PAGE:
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Effects of apples on cardiovascular disease risk factors and gut microbiota

Koutsos, A. (2017) Effects of apples on cardiovascular disease risk factors and gut microbiota. PhD thesis, University of Reading

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Evidence suggests that apples or their bioactive components (polyphenols and/or fiber) may have beneficial effects on lipid metabolism and other markers of cardiovascular disease (CVD). However, further adequately powered randomized controlled trials are necessary to confirm this evidence. Moreover, it has been shown that proanthocyanidins, the highest polyphenolic class in apples, reach the colon almost intact where together with fiber they interact with the gut microbiota. Recently, gut microbiota profiles and their metabolic output have also been suggested to influence CVD risk. This thesis investigated the potential interaction between modulation of the gut microbiota and cardiometabolic benefit in response to daily apple consumption. An in vitro batch culture fermentation identified that Renetta Canada variety significantly increased bifidobacteria, Faecalibacterium prausnitzii, and influenced microbial production of short chain fatty acids and phenolic microbial metabolites. Renetta Canada was therefore chosen for a randomized, controlled, crossover, dietary intervention study to determine the effects of apple intake on circulating lipids, vascular function, other CVD risk indicators and gut microbiota composition and activity in healthy mildly hypercholesterolemic subjects. Volunteers (23 women, 17 men), with a mean BMI 25.2 kg/m2 and age 51 years, consumed 2 apples/day, or a sugar matched control apple beverage for 8 weeks separated by a 4-week washout period in a random order. Blood lipids, bile acids, endothelial and inflammatory biomarkers and microvascular reactivity using laser Doppler imaging with Iontophoresis were measured. Fecal microbial profiles were monitored by 16S rRNA gene ilium ina MiSeq sequencing (V3-V4 region) and targeted groups of important gut bacteria quantified using Fluorescence in Situ Hybridization (FISH). Putative polyphenol metabolites of apple intake were identified in urine using LC-HRMS based metabolomics approach. Apple intake decreased serum total cholesterol (P=O.OOB) and LDL cholesterol (P=O.016) and vascular cell adhesion molecule-1 (P=O.037) compared with the control beverage. Apples had no effect on vascular function or other markers of CVD. No changes were observed in gut microbiota measured by 16S rRNA sequencing but apple intake significantly decreased Enterobacteriaceae enumerated by FISH compared with the control beverage. Valerolactones, valeric and phenolic acids were identified as microbial polyphenol metabolites among the 33 urine biomarkers related to the apple intake. These data suggest that the daily consumption of 2 Renetta Canada apples may result in beneficial effects on cardiovascular health and modifies both microbiota community structure and metabolic output.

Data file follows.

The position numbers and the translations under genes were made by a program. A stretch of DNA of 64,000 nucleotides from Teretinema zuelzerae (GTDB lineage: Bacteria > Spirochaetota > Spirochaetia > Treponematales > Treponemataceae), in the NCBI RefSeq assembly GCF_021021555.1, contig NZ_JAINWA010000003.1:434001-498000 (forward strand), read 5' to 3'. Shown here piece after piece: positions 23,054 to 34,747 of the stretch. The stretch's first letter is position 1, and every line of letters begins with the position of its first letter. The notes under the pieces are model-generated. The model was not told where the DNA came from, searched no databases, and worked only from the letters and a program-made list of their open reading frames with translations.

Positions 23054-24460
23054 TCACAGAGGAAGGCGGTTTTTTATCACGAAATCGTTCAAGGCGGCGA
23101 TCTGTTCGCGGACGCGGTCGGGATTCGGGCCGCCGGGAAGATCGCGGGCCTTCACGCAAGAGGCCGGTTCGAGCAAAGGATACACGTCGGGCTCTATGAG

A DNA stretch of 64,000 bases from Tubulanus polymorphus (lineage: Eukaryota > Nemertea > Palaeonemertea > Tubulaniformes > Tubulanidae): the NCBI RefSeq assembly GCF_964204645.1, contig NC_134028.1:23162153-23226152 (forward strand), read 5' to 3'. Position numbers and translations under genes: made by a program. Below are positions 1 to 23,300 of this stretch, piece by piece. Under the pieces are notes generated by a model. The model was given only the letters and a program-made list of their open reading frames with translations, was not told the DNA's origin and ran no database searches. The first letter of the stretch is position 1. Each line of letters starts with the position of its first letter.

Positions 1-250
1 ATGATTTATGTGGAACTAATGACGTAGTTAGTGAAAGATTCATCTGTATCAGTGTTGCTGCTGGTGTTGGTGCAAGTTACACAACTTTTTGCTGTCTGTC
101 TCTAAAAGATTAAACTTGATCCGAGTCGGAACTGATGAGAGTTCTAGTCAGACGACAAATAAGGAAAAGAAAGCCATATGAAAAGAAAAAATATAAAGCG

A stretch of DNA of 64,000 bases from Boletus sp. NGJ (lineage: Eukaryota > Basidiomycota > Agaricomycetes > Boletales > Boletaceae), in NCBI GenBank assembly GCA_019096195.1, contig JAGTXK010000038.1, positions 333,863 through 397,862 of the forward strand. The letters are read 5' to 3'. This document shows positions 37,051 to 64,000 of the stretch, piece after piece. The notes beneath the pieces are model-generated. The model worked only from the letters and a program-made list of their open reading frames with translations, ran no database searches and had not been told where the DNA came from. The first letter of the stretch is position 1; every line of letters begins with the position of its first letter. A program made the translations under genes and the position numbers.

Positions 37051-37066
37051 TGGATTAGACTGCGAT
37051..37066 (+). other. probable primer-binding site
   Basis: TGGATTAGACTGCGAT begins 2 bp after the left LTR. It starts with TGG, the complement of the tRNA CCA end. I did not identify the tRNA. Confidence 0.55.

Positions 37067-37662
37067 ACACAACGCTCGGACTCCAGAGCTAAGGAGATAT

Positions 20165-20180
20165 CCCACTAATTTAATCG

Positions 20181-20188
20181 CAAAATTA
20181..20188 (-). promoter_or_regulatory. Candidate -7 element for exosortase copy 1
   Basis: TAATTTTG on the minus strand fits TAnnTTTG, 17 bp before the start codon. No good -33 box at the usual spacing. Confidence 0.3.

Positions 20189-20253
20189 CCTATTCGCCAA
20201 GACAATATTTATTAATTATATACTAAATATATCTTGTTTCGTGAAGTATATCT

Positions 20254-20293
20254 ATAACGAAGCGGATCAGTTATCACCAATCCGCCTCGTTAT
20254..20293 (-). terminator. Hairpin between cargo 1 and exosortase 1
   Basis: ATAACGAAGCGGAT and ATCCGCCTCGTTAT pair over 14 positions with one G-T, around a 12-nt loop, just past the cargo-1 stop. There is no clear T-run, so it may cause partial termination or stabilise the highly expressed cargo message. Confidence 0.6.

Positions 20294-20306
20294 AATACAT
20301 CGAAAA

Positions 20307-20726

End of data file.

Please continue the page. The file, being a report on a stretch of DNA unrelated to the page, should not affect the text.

Item Type:Thesis (PhD)
Thesis Supervisor:Lovegrove, J. and Tuohy, K. M.
Thesis/Report Department:School of Chemistry, Food and Pharmacy
Identification Number/DOI:
Divisions:Life Sciences > School of Chemistry, Food and Pharmacy > Department of Food and Nutritional Sciences
ID Code:75263

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